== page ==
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What Car? says

4 out of 5 stars

For Compact executive luxury for family car money. It's also loaded with luxury and safety kit, while the engines are strong.

Against The ride and handling could be better, many rivals are more spacious, and refinement is poor.

Verdict The Seat Exeo is based on the previous-generation Audi A4, so it’s not in the first flush of youth. It's a high-quality car for the money, though.

Go for… 2.0 TDI 143 SE

Avoid… 2.0 TDI 170 Sport Tech

Seat Exeo Saloon
  • 1. The diesel engines aren't as hushed as the class best, and you feel too much vibration through the steering wheel, pedals and gearstick
  • 2. There is plenty of space up front, but the rear seats are decidedly tight on both head- and legroom
  • 3. Our favourite engine is the 141bhp diesel because it provides the best balance between performance and affordability
  • 4. Everything in the Exeo's cabin has a built-to-last feel, and the materials are nicely finished
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Seat Exeo Saloon full review with expert trade views

The Exeo is based on the previous-generation Audi A4, so it grips well through bends and feels stable on the motorway. That said, the standard suspension allows too much bounce over high-speed dips and crests. Sport models have a stiffer set-up that negates this, but it's combined with 18-inch wheels, so the ride becomes unforgiving. The steering isn’t ideal, because it’s heavy around town and light at speed.

The Exeo is reasonably well insulated from road noise, but there’s some wind noise to be heard on the motorway. The diesel engines aren't as hushed as the class best, and you feel too much vibration through the steering wheel, pedals and gearstick.

There is plenty of space up front, but the rear seats are decidedly tight on both head- and legroom. The boot doesn’t measure up to the biggest in the class, but it’s a decent size, well-shaped, and has split-folding rear backrests as standard.

Every Exeo has stability control and electronic braking aids to help you avoid trouble. Front, side and curtain airbags, a driver's knee airbag and active anti-whiplash front head restraints are all on hand in case a collision becomes unavoidable. Deadlocks, an immobiliser and an alarm help to deter thieves.

Trade view

Make sure the sportier suspension set-ups aren’t too harsh for you.

Rory White
Used car writer

Exeo buyers can choose from four 2.0-litre turbo engines – 118-, 141- and 168bhp diesels, or a 197bhp petrol. Our favourite is the 141bhp diesel because it provides the best balance between performance and affordability. It's also the only engine that can be specified with an automatic gearbox.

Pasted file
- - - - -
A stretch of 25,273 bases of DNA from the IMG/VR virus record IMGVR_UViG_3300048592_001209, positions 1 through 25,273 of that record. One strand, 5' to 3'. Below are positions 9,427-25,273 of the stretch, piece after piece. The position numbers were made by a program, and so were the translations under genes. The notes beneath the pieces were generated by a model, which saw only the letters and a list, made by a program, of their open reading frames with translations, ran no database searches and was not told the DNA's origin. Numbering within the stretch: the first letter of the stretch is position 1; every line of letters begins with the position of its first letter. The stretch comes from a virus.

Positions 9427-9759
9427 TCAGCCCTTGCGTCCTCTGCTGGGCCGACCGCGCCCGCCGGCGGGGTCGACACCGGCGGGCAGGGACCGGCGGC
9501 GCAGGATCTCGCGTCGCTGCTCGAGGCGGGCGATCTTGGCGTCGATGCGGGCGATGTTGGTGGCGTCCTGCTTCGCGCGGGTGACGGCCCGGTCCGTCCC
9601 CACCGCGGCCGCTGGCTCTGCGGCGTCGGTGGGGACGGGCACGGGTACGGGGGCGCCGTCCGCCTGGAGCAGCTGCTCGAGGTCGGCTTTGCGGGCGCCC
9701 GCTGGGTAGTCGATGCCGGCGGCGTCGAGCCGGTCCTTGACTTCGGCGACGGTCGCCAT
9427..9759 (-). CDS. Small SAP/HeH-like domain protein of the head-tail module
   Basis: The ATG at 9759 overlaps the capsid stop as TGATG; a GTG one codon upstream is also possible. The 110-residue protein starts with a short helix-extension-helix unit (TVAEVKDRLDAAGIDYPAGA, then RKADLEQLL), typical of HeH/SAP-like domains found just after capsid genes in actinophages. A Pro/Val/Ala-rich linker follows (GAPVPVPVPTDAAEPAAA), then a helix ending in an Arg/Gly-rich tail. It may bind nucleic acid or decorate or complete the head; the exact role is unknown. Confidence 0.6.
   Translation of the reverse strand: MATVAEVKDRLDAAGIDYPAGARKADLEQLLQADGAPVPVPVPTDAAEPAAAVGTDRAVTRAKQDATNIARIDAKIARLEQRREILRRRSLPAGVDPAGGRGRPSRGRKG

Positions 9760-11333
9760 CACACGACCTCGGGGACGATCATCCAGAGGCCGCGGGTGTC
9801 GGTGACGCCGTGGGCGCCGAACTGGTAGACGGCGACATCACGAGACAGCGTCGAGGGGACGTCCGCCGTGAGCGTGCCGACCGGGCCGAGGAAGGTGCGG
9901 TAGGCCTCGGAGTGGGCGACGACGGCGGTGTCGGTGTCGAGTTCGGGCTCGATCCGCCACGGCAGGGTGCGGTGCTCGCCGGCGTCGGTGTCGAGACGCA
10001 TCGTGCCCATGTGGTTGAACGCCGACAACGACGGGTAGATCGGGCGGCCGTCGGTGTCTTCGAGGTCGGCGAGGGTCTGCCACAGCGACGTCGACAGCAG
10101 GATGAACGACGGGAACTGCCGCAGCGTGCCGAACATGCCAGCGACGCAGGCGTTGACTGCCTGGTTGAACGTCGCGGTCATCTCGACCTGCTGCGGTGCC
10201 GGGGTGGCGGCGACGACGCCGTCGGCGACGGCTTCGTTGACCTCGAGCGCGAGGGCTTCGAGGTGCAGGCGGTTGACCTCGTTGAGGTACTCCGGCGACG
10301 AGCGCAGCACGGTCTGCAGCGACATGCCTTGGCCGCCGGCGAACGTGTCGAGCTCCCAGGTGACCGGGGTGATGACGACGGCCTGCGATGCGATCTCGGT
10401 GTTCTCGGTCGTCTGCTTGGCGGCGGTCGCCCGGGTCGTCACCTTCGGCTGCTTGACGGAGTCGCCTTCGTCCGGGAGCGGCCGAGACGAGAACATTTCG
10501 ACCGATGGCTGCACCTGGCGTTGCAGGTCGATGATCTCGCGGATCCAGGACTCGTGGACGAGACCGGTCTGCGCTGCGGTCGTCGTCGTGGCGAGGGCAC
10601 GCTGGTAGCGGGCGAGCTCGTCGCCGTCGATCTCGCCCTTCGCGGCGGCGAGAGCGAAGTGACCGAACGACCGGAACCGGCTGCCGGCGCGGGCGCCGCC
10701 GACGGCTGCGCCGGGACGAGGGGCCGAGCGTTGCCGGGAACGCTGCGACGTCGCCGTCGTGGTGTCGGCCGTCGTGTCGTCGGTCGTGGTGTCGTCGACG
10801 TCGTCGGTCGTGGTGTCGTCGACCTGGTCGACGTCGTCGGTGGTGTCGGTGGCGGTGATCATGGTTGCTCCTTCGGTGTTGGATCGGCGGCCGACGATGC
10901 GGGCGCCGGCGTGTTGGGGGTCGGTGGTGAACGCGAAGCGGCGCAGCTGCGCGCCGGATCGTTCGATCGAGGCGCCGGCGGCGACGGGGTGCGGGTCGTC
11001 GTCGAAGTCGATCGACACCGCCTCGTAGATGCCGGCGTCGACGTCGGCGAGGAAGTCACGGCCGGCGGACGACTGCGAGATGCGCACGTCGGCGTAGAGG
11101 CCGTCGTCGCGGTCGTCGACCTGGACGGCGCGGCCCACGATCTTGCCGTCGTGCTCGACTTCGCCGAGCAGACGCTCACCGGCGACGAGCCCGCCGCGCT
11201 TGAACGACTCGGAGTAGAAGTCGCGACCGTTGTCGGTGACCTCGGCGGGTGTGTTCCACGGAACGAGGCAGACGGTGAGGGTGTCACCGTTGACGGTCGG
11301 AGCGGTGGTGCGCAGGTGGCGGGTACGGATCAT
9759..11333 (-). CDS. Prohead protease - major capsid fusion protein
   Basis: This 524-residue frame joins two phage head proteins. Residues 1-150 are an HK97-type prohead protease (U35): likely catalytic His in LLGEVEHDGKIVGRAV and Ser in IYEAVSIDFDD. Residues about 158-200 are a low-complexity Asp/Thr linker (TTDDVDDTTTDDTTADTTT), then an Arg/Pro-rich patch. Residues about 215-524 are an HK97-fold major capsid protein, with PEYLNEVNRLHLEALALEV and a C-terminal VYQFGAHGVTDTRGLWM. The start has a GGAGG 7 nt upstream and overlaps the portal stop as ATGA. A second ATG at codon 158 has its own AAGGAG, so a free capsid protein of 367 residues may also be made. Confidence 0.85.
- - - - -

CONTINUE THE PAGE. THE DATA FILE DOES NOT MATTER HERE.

Entry-level S trim gets alloys, climate control, four electric windows, cruise control, Bluetooth and an MP3 input socket. SE adds automatic lights and wipers, parking sensors and front-seat lumbar adjustment, while Sport brings sports seats, tinted rear windows and different trim. SE and Sport can be upgraded with a Tech pack, which has sat-nav, leather upholstery and an upgraded stereo, while range-topping SE Lux cars feature everything from leather upholstery to bi-xenon headlights.

We think the best value engine and trim paring is the 2.0 TDI 140 in SE trim, which offers decent power, respectable economy and all the kit you’re likely to need.

Trade view

If badge makes no difference to you, the Seat Exeo offers the luxury, style and handling of an Audi A4 at a discount price.

Rory White
Used car writer

The Exeo is competitively priced on the used market considering the fit and finish, and kit levels. That said, it isn’t as good value as a Ford Mondeo or Vauxhall Insignia.

The 141bhp diesel makes a lot of sense for company car drivers. It averages more than 50mpg and its carbon dioxide emissions are lower than many rivals'. Exeo resale values are no better than reasonable.

Insurance groups tend to be higher than the Ford and Vauxhall competition, too, so check before you buy to avoid a nasty surprise.

Trade view

Make sure the sportier suspension set-ups aren’t too harsh for you.

Rory White
Used car writer

The Exeo's interior shares many parts with the previous-generation Audi A4 range, but that's no bad thing, because it was always one of the classiest compact executive cars around. Everything in the Exeo's cabin has a built-to-last feel, and the materials are nicely finished. On the downside, Seat didn't perform that well in our latest Reliability Survey, while Audi finished mid-table.

We’ve heard reports of leaking windscreen washer fluid and, not surprisingly, high oil usage, given that it’s a VW-group engine.

Trade view

If badge makes no difference to you, the Seat Exeo offers the luxury, style and handling of an Audi A4 at a discount price.

Rory White
Used car writer
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